The US military is developing a new Iron Man-style "Tactical Assault Light Operator Suit" (TALOS) for use by its elite Special Operation Forces (SOF).
According to the official website of the US Army, the Special Operations Command (SOCOM) of the US military is collaborating with industries, research laboratories and university scientists, including MIT engineers, to develop a special full-body bulletproof exoskeleton that will give soldiers "superhuman strength and greater ballistic protection."
The exoskeleton will likely consist of liquid body armor being developed by MIT researchers. It "transforms from liquid to solid in milliseconds when a magnetic field or electrical current is applied."
TALOS will enhance the performance of troops by providing a powered exoskeleton with built-in computer systems that is able to haul heavier gear, "provide full-body ballistic protection" and a "physiological subsystem" that is able to react instantaneously to environmental cues, monitor the wearer's vital physiological signs such as core body temperature, skin temperature and heart rate.
The armor will incorporate night vision gadgets and help to heal wounds sustained in combat by applying wound-sealing foam.
It will incorporate basic life support system, including air, oxygen and heat supply.
US Army chiefs are enthusing about the promise of the project.
US Special Operations Command chief Admiral William McRaven said TALOS could make soldiers almost invincible on the battlefield by imparting superhuman strength and capabilities.
The suit could be used in special operations such as the recent operation by US Navy SEALs in Somalia.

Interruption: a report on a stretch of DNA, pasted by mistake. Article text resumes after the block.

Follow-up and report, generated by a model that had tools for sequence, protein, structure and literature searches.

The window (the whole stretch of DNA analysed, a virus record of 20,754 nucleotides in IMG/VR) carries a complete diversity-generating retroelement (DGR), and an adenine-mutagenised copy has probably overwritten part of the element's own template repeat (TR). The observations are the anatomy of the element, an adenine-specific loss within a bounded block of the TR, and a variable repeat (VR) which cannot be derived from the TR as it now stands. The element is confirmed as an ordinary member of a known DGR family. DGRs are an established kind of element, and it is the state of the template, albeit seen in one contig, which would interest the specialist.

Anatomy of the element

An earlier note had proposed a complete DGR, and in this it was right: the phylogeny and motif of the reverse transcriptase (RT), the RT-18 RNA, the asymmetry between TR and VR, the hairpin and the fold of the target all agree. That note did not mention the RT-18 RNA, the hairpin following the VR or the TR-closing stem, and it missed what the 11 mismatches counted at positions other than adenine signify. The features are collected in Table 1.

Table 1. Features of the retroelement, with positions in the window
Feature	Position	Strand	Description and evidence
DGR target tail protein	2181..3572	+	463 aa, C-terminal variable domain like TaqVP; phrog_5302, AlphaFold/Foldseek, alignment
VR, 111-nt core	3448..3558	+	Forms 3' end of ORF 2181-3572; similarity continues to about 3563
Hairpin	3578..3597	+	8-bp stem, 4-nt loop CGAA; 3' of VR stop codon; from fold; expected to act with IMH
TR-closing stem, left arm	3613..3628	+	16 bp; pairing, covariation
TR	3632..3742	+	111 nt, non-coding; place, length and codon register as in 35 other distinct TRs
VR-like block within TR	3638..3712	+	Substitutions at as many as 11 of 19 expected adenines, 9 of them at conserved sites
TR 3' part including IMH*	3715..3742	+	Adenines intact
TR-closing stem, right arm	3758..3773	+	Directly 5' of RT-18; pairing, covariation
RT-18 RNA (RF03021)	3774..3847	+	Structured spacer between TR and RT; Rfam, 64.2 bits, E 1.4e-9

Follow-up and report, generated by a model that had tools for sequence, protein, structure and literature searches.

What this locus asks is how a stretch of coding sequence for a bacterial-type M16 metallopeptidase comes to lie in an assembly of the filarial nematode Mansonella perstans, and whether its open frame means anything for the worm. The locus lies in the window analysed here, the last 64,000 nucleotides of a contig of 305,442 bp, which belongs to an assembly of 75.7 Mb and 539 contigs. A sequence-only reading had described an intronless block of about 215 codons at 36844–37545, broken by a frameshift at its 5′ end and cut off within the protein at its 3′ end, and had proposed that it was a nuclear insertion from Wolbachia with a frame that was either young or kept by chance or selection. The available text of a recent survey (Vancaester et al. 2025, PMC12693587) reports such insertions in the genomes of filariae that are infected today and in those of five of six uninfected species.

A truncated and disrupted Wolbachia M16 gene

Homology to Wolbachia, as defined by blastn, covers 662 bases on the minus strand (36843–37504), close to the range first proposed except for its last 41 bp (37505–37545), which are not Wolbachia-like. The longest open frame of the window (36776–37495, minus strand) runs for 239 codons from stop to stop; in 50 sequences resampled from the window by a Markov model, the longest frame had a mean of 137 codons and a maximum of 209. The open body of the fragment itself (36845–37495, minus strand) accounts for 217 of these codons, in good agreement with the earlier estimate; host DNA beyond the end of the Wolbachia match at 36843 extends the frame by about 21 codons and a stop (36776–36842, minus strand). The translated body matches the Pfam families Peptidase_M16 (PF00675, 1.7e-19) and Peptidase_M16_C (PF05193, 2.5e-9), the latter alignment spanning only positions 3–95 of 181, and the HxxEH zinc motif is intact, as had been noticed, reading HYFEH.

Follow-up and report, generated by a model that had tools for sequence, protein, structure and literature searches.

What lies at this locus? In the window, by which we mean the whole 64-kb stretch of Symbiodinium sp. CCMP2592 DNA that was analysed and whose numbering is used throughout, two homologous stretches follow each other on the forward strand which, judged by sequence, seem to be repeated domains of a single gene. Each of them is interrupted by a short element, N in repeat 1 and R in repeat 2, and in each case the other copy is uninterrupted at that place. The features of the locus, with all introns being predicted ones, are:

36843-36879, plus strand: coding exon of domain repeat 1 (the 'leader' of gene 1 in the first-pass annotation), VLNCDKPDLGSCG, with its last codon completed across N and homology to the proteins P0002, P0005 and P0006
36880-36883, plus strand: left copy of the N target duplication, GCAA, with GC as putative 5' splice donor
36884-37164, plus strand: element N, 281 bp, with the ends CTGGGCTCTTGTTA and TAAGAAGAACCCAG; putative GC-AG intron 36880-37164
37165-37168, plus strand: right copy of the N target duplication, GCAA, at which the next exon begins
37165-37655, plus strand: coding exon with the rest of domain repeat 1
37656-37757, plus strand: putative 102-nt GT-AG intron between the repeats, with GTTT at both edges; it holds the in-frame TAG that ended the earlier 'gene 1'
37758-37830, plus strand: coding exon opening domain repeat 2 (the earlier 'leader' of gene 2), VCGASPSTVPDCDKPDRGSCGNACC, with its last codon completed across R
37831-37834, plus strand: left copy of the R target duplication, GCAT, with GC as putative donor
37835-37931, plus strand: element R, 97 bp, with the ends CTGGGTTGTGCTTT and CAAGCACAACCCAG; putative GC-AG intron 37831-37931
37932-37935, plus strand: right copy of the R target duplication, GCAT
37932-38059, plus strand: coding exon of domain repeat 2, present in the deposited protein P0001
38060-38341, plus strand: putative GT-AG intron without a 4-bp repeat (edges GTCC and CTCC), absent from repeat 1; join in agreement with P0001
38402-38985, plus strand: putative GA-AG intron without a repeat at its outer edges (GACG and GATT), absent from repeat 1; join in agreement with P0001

Navy SEAL commandos on a daring mission to capture an Al-Shabaab leader suspected of involvement in the bombings of US embassies in East Africa, were forced to abort mission when they met heavy resistance.
Officials enthuse that with TALOS, special ops commandos will be practically invincible in combat.
In a recent statement, the acquisition executive of USSOCOM, Jim Geurts, said SOCOM is "interested in receiving white papers from a wide variety of sources, not just traditional military industry but also from academia, entrepreneurs and laboratories capable of providing the design, construction and testing of TALOS related technologies."
According to Geurts, "The intent is to accelerate the delivery of innovative TALOS capabilities to the SOF operator."
Wired.com reports that while addressing industry representatives during a meeting at the SOCOM headquarters in Tampa, Fla. last July, McRaven said "I'm very committed to this, I'd like that last operator that we lost to be the last operator we lose in this fight or the fight of the future, and I think we can get there."
In a statement, Lt. Col. Karl Borjes, with the US Army Research, Development and Engineering Command (RDECOM), said it is technically feasible to create a “comprehensive family of systems in a combat armor suit where we bring together an exoskeleton with innovative armor, displays for power monitoring, health monitoring and integrating a weapon into that …”
In spite of the recent publicity, it is known that research in the field of exoskeleton technologies has been going on for more than a decade.
Lockheed Martin, for instance, recently attempted to test its Human Universal Load Carrier (HULC) exoskeleton in Afghanistan.
The idea has its critics.
Retired Special Forces officer Scott Neil commented cynically in an interview with the Tampa Tribune.
“Now the commander can shove a monkey in a suit and ask us to survive a machine gun, IED and poor intelligence all on the same objective,” he said. “And when you die in it, as it melts to your body, you can bury them in it!”
With various components of the suit already under development, it is hoped that a prototype will be available next year for testing with an advanced model available by 2016.
According to MIT Professor Gareth McKinley, "The acronym TALOS was chosen deliberately. It's the name of the bronze armored giant from 'Jason and the Argonauts.' Like all good superheroes, TALOS has one weakness. For the Army's TALOS, the weak spot is either the need to carry around a heavy pump for a hydraulic system, or lots of heavy batteries. We don't have Iron Man's power source yet."